Optimizing code

To address the issue of code explicitly written to take advantage of parallel computing usually losing the benefit of compilers’ optimization strategies, MIT Computer Science and Artificial Intelligence Laboratory researchers have devised a new variation on a popular open-source compiler that optimizes before adding the code necessary for parallel execution.

Charles E. Leiserson, the Edwin Sibley Webster Professor in Electrical Engineering and Computer Science at MIT and a coauthor on a new paper on the subject said the compiler “now optimizes parallel code better than any commercial or open-source compiler, and it also compiles where some of these other compilers don’t.”

“Everybody said it was going to be too hard, that you’d have to change the whole compiler,” MIT professor Charles E. Leiserson says. “And these guys basically showed that conventional wisdom to be flat-out wrong.” (Source: MIT)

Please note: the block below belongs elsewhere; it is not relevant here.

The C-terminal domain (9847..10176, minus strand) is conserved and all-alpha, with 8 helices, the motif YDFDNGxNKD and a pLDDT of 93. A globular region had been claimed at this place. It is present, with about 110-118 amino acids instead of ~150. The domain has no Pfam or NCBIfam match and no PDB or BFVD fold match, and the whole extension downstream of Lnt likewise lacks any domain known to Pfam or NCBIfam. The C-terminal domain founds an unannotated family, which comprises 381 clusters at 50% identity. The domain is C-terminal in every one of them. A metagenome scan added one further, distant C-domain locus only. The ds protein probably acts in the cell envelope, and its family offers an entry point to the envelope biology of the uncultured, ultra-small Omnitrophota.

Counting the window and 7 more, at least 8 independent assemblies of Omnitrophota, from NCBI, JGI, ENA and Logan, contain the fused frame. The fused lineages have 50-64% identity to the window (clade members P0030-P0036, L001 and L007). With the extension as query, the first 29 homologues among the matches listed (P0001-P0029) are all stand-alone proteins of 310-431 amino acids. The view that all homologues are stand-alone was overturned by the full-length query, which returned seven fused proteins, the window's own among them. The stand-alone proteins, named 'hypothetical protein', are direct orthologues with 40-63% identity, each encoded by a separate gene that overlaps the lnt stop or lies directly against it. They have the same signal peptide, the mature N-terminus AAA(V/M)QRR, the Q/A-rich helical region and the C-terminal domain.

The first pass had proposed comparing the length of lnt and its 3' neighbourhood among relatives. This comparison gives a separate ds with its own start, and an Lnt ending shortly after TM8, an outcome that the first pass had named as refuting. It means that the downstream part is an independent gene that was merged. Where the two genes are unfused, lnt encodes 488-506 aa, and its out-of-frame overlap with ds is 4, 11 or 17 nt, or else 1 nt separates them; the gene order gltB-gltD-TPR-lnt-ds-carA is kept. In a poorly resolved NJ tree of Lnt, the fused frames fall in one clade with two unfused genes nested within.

The reason other compilers don’t do this is because managing parallel execution requires a lot of extra code, and existing compilers add it before the optimizations occur. The optimizers aren’t sure how to interpret the new code, so they don’t try to improve its performance, the researchers explained.

In the new method, the improvement comes purely from optimization strategies that were already part of the compiler the researchers modified, which was designed to compile conventional, serial programs. They expect this approach to make it much more straightforward to add optimizations specifically tailored to parallel programs. This is especially crucial with the rise in cores or parallel processing units.

The idea of optimizing before adding the extra code required by parallel processing has been around for decades. But compiler developers were skeptical that this could be done.

“Everybody said it was going to be too hard, that you’d have to change the whole compiler. And these guys,” he says, referring to Tao B. Schardl, a postdoc in Leiserson’s group, and William S. Moses, an undergraduate double major in electrical engineering and computer science and physics, “basically showed that conventional wisdom to be flat-out wrong. The big surprise was that this didn’t require rewriting the 80-plus compiler passes that do either analysis or optimization. T.B. and Billy did it by modifying 6,000 lines of a 4-million-line code base.”